17. The proposed definition of "offeror" is based on the current definitions of "offeror" in the existing non-cash compensation rules. Specifically, the proposal would define the term "offeror" to mean: "(A) with respect to the sale and distribution of variable contracts, an insurance company, a separate account of an insurance company, an investment company that funds a separate account, any adviser to a separate account of an insurance company or an investment company that funds a separate account, a fund administrator, an underwriter and any affiliated person (as defined in Section 2(a)(3) of the Investment Company Act of 1940) of such entities; (B) with respect to the sale and distribution of investment company securities not sold through variable contracts, an investment company, an adviser to an investment company, a fund administrator, an underwriter and any affiliated person (as defined in Section 2(a)(3) of the Investment Company Act of 1940) of such entities; and (C) with respect to the sale and distribution of any other type of security, an issuer, sponsor, an adviser to an issuer or sponsor, an underwriter and any affiliated person of such entities."

18. To fall with in this definition, a communication may be either explicit or implicit. Thus, an arrangement normally would not be considered preconditioned on the achievement of a sales target if a member or an offeror designates persons to participate in the arrangement in recognition of past sales, without stating the goal in advance. If, however, after several events, the selection criteria of the member or offeror becomes reasonably apparent, there may have been an implicit communication of a goal, and any similar arrangement in the future might be deemed preconditioned on the achievement of a sales target.

19. See, e.g., "Non-Cash Compensation—Training or Education Meetings," NASD Regulatory & Compliance Alert 13 (Summer 2000), (interpreting the training or education meeting exception in the existing non-cash compensation rules "as an event that is first and foremost intended to provide training or education to an associated person. Any training meeting should occupy substantially all of the work day."). FINRA subsequently published a letter reminding offerers that they may not pay for entertainment expenses of training or education meeting attendees. See letter from Mary L. Schapiro, President, NASD (March 7, 2001).

20. The total production and equal weighting requirements do not apply to arrangements involving DPPs or public offerings of securities.

21. Consistent with the existing non-cash compensation rules, the proposal would include a provision that would permit contributions by a non-member company or other member to a non-cash arrangement between a member and its associated persons, or contributions by a member to a non-cash compensation arrangement of a non-member, provided that it meets the requirements for such arrangements, including the total production standard.

22. As stated above, tickets to sporting or other events would be valued at the higher of cost or face value.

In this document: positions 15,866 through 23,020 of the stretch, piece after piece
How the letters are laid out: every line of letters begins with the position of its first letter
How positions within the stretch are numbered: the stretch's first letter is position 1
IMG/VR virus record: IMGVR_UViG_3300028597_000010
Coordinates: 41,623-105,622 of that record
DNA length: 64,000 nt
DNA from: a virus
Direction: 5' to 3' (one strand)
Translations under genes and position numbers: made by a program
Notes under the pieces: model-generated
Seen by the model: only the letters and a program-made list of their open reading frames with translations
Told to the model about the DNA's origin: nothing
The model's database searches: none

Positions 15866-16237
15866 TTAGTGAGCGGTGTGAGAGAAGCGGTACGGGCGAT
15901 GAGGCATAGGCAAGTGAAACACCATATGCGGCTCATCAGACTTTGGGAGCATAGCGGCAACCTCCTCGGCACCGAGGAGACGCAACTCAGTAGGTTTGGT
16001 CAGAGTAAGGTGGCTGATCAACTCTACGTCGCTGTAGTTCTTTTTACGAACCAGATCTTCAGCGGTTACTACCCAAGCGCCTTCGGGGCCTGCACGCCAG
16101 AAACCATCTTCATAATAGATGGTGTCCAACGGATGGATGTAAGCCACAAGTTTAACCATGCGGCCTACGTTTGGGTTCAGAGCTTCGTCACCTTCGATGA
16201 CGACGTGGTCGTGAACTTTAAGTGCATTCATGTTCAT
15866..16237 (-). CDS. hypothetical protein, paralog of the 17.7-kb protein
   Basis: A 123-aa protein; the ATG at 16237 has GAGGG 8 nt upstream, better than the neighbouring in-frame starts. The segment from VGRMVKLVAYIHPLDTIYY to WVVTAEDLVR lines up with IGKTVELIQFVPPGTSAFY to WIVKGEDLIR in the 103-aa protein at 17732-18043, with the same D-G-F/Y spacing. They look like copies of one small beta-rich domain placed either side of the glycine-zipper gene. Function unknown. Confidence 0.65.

23. Consistent with the Gifts Rule, FINRA proposes a $50 de minimis threshold. In addition, the proposal would specify that gifts of de minimis value, promotional items of nominal value and commemorative items would not be subject to the proposed recordkeeping requirements relating to non-cash compensation arrangements.

24. See supra note 19.

25. See letter from R. Clark Hooper, Executive Vice President, NASD, to Henry H. Hopkins, Director, and Sarah McCafferty, Vice President, T. Rowe Price Investment Services, Inc., dated June 10, 1999 ("1999 letter").

26. FINRA proposes to include in Supplementary Material to proposed FINRA Rule 3222 language that makes clear that the purpose of the rule is to govern business entertainment provided by a member or its associated persons, as well as business entertainment accepted by a member or its associated persons from an offeror. In addition, the Supplementary Material would provide that business entertainment includes, but it not limited to, an occasional meal, a ticket to an event (e.g., sporting event) or theater and other comparable entertainment.

27. FINRA notes that a principles-based, rather than prescriptive, approach to what is permissible and impermissible business entertainment would satisfy this requirement of proposed Rule 3222.

28. See supra notes 12–15.


Attachment A

Below is the text of the amendments. New language is underlined; deletions are in brackets.

* * * * *

3220. Influencing or Rewarding Employees of Others

(a) No member or person associated with a member shall, directly or indirectly, give or permit to be given anything of value, including gratuities, in excess of [one hundred dollars] $175 per individual per year to any person, principal, proprietor, employee, agent or representative of another person where such payment or gratuity is in relation to the business of the employer of the recipient of the payment or gratuity. A gift of any kind is considered a gratuity.
(b) This Rule shall not apply to contracts of employment with, or [to] compensation for services rendered by, persons enumerated in paragraph (a) provided that there is in existence prior to the time of employment or before the services are rendered, a written agreement between the member and the person who is to be employed to perform such services. Such agreement shall include the nature of the proposed employment, the amount of the proposed compensation, and the written consent of such person's employer or principal.